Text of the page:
“WELL, GET OUT”
The Adventures of an Oil Man
“WELL, GET OUT”
Two of the handful of men who had a positive impact on my life were Mr. Frank Mosing and one of his sons – Mr. Larry Mosing. I worked for them most of my life and did not realize until they were gone, until I was an old man myself – how blessed and how fortunate I was to have known, have been taught by, and led by two such giants of the Oil Industry. Half the time I dealt with Mr. Frank he was chewing me out or getting on my ass! -but the other half he would look at me and smile – I think he could read my mind. It was probably not hard to do. I only ever thought about two or three things – sometimes four. He would always come around when I was working real hard, maybe jumping off a truck, or throwing a chain over the top of a welding machine. I think maybe he wished he was young again, while I envied him for his money. When he would hit me on my back with his fist as hard as he could (which was pretty hard) when I wasn’t looking – I knew we were okay.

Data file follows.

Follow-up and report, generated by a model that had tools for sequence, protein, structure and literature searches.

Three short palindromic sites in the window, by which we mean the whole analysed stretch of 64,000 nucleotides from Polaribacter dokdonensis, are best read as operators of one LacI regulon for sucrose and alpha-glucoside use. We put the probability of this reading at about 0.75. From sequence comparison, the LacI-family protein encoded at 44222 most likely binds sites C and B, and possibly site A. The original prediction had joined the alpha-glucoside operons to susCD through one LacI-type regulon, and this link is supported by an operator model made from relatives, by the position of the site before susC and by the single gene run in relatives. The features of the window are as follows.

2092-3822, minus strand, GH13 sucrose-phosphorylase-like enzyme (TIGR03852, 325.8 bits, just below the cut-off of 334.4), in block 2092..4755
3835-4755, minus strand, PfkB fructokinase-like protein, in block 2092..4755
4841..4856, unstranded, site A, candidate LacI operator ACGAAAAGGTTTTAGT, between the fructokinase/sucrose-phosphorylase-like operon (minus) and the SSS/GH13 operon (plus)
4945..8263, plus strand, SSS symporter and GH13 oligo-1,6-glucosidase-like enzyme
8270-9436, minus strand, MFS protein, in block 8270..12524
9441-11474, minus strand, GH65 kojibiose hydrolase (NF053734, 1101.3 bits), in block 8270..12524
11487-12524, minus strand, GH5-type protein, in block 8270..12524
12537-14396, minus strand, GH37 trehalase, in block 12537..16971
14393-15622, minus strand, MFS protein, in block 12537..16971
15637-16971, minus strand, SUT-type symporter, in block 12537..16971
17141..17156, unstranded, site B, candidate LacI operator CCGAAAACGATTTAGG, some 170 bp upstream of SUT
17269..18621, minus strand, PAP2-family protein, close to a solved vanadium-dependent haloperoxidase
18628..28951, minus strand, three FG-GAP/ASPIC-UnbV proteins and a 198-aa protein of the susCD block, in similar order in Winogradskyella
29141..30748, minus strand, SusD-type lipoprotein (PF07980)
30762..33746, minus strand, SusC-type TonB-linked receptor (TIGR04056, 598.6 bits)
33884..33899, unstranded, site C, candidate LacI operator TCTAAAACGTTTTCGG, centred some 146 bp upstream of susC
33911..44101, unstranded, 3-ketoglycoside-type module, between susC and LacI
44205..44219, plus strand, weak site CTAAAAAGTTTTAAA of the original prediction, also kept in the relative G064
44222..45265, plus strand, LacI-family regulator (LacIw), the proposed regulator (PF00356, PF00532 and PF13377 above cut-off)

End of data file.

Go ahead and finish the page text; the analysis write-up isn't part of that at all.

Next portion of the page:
Now Mr. Larry Mosing – we were closer. He taught me Sunday School when I was eleven, hired me when I was seventeen, and taught me “Every dollar matters.” It is a great lesson most people never learn. At one time or another he was my teacher, my friend, my boss, and even my disciplinarian. Sometimes I would get mad as Hell at him – but never I don’t think – as angry as he sometimes would get with me.
Mr. Frank and Mr. Larry loved to go fishing. Mr. Larry never bought a boat too big for a Southern Louisiana bayou or a car to pull it – fancier than what he needed. He told me a story once and I never forgot it. It seemed important to him and for some mysterious reason it is seared into my memory.
He said one time when he was a young boy – he went fishing down the Vermillion River with Mr. Frank. At some point in the day – due to mechanical failure – I’m not sure what anymore – Mr. Frank lost control of the throttle on the boat motor – it wouldn’t slow down – and they ended up “beached” – on dry land – the two of them, just sitting there, in a little aluminum fishing boat on the bank of the Vermilion River.
Mr. Larry said, “I looked up at Daddy. Daddy looked down at me, and then he said, “Well, get out.” That was Mr. Frank – a “Legend” – a “Pragmatist” – in the best sense of the word.